21 In fact, the Normal and Model School privies and arrangements for sewage disposals were the topics of concern and controversy to authorities inside and outside the schools during the 1850s and 1860s. S.P. May, the Educational Depository Clerk, presented a lengthy report on sewage disposal to the Chief Superintendent in March of 1860. From this report it is clear that sewage was allowed to accumulate in the privies for a week before these were flushed out. The flushing process itself was only moderately successful, and in the girls' privies, "after removing the filth the water oozes up through the wood yard." May commented, however, that "there is no offensive smell except when in the act of cleaning." In the boys' privies, "the floor & seats...are very dirty, the men have not been able to scrub them regularly in consequence of the severe weather, the water freezing so quick that it would be dangerous to the children." May concluded that "all the privies are as clean as they can possibly be kept where there are so many to visit them."38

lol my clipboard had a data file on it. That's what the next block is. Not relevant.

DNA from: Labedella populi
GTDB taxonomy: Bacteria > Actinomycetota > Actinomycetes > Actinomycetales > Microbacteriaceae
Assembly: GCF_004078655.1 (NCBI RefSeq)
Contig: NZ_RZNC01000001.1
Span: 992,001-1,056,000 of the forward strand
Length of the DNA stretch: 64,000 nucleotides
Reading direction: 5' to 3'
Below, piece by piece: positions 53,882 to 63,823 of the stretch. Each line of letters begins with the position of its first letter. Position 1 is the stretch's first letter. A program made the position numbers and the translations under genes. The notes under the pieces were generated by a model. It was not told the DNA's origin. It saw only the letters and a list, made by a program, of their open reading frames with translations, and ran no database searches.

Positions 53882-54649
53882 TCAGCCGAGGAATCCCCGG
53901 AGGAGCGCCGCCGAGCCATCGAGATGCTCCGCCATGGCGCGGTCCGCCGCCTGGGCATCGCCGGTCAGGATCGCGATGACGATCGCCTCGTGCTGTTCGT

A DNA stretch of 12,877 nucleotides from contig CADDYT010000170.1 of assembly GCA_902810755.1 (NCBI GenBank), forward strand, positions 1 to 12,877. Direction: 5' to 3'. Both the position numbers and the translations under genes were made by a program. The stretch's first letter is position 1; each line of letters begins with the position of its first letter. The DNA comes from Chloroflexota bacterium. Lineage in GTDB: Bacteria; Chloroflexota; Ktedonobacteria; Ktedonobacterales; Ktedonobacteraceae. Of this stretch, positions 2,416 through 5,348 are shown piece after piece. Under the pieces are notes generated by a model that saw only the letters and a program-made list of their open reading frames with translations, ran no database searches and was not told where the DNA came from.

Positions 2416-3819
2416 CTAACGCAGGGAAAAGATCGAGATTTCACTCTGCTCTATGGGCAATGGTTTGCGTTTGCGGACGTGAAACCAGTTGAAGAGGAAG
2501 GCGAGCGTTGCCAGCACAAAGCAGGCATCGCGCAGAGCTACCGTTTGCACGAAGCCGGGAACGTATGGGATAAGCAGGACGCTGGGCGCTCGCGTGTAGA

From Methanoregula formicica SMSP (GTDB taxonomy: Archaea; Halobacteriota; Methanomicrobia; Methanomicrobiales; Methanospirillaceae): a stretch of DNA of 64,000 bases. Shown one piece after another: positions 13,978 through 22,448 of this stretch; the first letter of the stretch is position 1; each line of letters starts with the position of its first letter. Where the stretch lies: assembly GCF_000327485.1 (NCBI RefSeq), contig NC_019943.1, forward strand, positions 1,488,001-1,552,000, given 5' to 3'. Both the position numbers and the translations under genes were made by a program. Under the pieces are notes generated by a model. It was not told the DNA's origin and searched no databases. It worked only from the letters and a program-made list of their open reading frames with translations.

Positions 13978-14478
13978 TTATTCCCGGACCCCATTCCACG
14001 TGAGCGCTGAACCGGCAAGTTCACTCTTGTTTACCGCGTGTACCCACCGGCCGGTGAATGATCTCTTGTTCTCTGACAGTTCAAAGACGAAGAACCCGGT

22 In a communication to the provincial Secretary General in 1863 the Chief Superintendent revealed that only one half of the sewage from the Normal School grounds went into the city sewage system, and even that connection had only existed since 1856. "On the Church street side of the Normal School property," he wrote, "no use whatever is made of the public sewer, the draining being carried into a natural stream running through the grounds on that side of the buildings, and which flows into the bay."39 This state of affairs generated complaints, and in 1869 the Toronto Officer of Health sought to rectify the situation. "The water closets at the east side of the Normal School" attracted that officer's attention early in 1869, and the Normal School officials were invited to "direct that proper steps be taken to cleanse them." In addition, the medical Health Officer pointed out that "complaints are often received here of the sewage in the vicinity of the corner of Church and Gould Streets."40 This was probably where the "natural stream" exited from the Normal School grounds. In this matter, as in many other aspects of the project of public education, the gap between theory and practice was large.